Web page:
Jon Abrams is the Editor-In-Chief at Daily Grindhouse. He is a New York-based writer, cartoonist, and committed cinemaniac whose complete work and credits can be found at his site, Demon’s Resume. You can contact him on Twitter as @JonZilla___

Saturday, June 6, 2020

May Daze

A few things from the last month or so

First I've watched some TeeVees - more than I have been lately - and highlights include:

ZeroZeroZero - miniseries about international crime as big business that splits the narrative three ways - the buyers (Italians), sellers (Mexicans) and brokers (Americans) in a mind-blowingly huge cocaine deal. I watched it because Stefano Sollima and Roberto Saviano were collaborators and fu-uck, it scratched my itch. Big, brutal, business. Bleak. On Prime. 

Damnation - After ZZZ I had to wash the corrosive taste of hyper-capitalism out of my system and this pulpy, operatic ultraviolent labor-wars drama did the job nicely. Too bad Tony Tost didn't get to tell a multi-season story, but the single season we got packed in plenty of plot, colorful characters and cathartic scenes of anti-authoritarian bloodshed. I swear some days I think about Logan Marshall-Green casually shooting oblivious cops for sport from a moving train and it's succor to get me through these trying times. On Netflix.

Movie (Series!)

The following are my final rulings on the rankings of a couple of franchises I finished in May.

First Blood > Rambo > Rambo: Last Blood > Rambo: First Blood Part II > Rambo III

Rambo: Last Blood got dumped on pretty hard last year. When I first heard about the it going into production Rambo vs. The Zetas (or whatever) sounded fucking perfect, but then when it turned out to be about the less specifically-Mexican issue of sex trafficking I got the same 'ah-shit' creeping dread that we were in for a border-fear-stoking shit-show, but I'm so happy to report that what we actually ended up with was about forty-five minutes of clunky set up followed by a couple of lovely beatdowns and topped off with the most fist-pumpingly gruesome and fucking mean finale I've seen in a minute set to The Doors' Five to One. Holy shit. As someone who didn't grow up watching the films and for whom the character doesn't hold any special place in my heart, I realize I might be in the tiniest minority in enjoying the way this closes the franchise, but... here I go again on my own. 


Death Wish > Death Sentence > Death Wish 4: The Crackdown > Death Wish V: The Face of Death > Death Wish II > Death Wish 3 > Death Wish (2018)

Yeah I still haven't read Brian Garfield's novels (Death Wish and Death Sentence), so I can't compare the original film with the source material, but even the first movie stands waaay apart from the sequels and seems like a sober-minded meditation on the price of violence - righteous or not - on your soul than the extreme stand your ground porn the franchise quickly descended (some would say transcended) into. For my money the best of the rest is James Wan's Death Sentence which combined gnarly violence with budding auteur-shit set pieces and visuals, but after Michael Winner's goofy grindhouse sequels (II & 3), 4 & 5 kept the ridiculosity of the violent confrontations, but took the plot in some new (though, hardly original) directions which elevate them slightly over the urban hellscape cleaning up the neighborhood retreads. I'm not sure when it became the thing to dunk on Eli Roth (I don't know anything about him outside of his movies), so I took the dismissal of his (Joe Carnahan penned) remake starring Bruce Willis with a grain of salt. Turns out you guys were right about it not being worthwhile. Limp and uninspired, but worst of all boring.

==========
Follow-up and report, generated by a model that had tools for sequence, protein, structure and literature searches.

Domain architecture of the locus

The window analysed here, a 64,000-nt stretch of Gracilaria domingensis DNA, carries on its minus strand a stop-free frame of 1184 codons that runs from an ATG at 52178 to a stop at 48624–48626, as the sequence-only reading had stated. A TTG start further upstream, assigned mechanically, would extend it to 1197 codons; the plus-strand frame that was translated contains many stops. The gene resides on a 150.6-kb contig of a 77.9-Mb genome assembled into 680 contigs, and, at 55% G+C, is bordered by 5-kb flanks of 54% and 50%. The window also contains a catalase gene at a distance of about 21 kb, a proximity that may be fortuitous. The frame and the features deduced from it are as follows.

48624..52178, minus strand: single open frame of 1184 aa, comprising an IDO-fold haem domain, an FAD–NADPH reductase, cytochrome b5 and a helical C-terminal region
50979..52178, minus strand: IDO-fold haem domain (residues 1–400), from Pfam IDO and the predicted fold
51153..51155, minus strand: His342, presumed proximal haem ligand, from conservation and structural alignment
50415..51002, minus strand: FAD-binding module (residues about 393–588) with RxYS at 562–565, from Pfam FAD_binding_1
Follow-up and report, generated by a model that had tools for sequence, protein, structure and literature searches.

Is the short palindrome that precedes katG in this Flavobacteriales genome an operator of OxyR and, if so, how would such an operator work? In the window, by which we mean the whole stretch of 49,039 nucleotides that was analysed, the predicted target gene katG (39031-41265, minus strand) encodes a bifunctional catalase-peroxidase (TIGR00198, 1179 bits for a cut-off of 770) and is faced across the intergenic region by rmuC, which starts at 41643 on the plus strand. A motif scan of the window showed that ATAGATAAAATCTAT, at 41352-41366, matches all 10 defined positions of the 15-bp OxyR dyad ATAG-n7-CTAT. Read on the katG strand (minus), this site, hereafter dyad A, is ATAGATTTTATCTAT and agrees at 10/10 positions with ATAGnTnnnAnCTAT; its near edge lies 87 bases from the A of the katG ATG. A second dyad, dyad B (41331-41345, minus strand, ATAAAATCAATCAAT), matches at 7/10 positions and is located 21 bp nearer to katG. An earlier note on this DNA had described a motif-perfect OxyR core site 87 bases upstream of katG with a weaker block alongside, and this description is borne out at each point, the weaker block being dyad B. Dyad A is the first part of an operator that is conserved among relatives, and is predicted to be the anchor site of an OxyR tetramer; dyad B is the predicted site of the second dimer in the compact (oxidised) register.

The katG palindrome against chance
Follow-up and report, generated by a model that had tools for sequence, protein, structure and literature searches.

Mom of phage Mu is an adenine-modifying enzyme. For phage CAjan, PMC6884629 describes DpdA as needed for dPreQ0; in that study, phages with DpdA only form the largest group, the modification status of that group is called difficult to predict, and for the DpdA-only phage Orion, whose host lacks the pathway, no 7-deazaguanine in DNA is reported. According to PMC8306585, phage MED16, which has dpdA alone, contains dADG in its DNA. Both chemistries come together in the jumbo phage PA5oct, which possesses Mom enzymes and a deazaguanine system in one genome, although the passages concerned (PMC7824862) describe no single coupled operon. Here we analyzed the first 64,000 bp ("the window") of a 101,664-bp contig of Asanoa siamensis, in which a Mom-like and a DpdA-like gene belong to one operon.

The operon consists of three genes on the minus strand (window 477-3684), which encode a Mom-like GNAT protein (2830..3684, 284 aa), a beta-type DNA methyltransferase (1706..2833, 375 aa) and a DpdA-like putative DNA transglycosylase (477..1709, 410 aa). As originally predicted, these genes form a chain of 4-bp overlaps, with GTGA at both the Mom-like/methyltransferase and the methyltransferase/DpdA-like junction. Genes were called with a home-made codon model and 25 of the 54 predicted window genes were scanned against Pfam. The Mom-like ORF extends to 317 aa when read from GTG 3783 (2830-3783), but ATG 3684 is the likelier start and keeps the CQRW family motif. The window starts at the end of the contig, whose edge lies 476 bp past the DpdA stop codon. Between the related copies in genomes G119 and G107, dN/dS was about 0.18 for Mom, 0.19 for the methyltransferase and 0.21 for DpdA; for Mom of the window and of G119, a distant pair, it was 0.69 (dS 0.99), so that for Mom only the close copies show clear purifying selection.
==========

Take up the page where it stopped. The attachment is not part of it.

Brand new movies

Come to Daddy - Ant Timpson - Elijah Wood responds to an unexpected letter from his father who left him when he was a kid. It's an awkward reunion and full of unexpected dangers. This one jumps sideways pretty hard in a way that makes talking about it at length tricky, but the tone is darkly, uncomfortably funny and surprisingly gnarly when it gets down to the onscreen violence. It's also kinda sweet. Good shit (now on Prime).

Debt Collectors - Jesse V. Johnson - An unexpected sequel to 2018's Debt Collector which ends with the heroes French (Scott Adkins) and Sue (Louis Mandylor) pretty certainly dead from getting shot to fuck by Tony Todd's goons. Admittedly, the ending is a significant part of why I loved Debt Collector (now on Netflix) and giving the odd couple a new lease on life does kinda cheapen the original film... but it was already a cheap film, what the hell. Debt Collectors finds French and Sue as surprised as their audience that they're alive and even gives us an awkward scene of the two of them hashing over how puzzled they are the other survived (hard to say exactly how long after the events of the first film the sequel takes place - long enough for everybody to have healed from their significant injuries, yet not long enough for curiosity to have gotten the better of either buddy to the point that they did an online obituary search - it's a wonky world) and it's one of a handful of so below the bar nods to movie-make-believe that end up making the sequel work. Following the blueprint of buddy action comedies this one gives the dysfunctional duo a new set of situations to punch through, as well as a few new character wrinkles (ranging from laughably dumb to surprisingly affecting) in an effort to keep things fresh. Despite nothing about the franchise being fresh, I'd not call it a wasted effort because the effort shows and is charming at its best and good-naturedly owning its goofiness at its most clumsily mis-calculated. Yes, a lesser film than the first, but an onscreen team I would happy to spend another installment or two with. Now on Hoopla.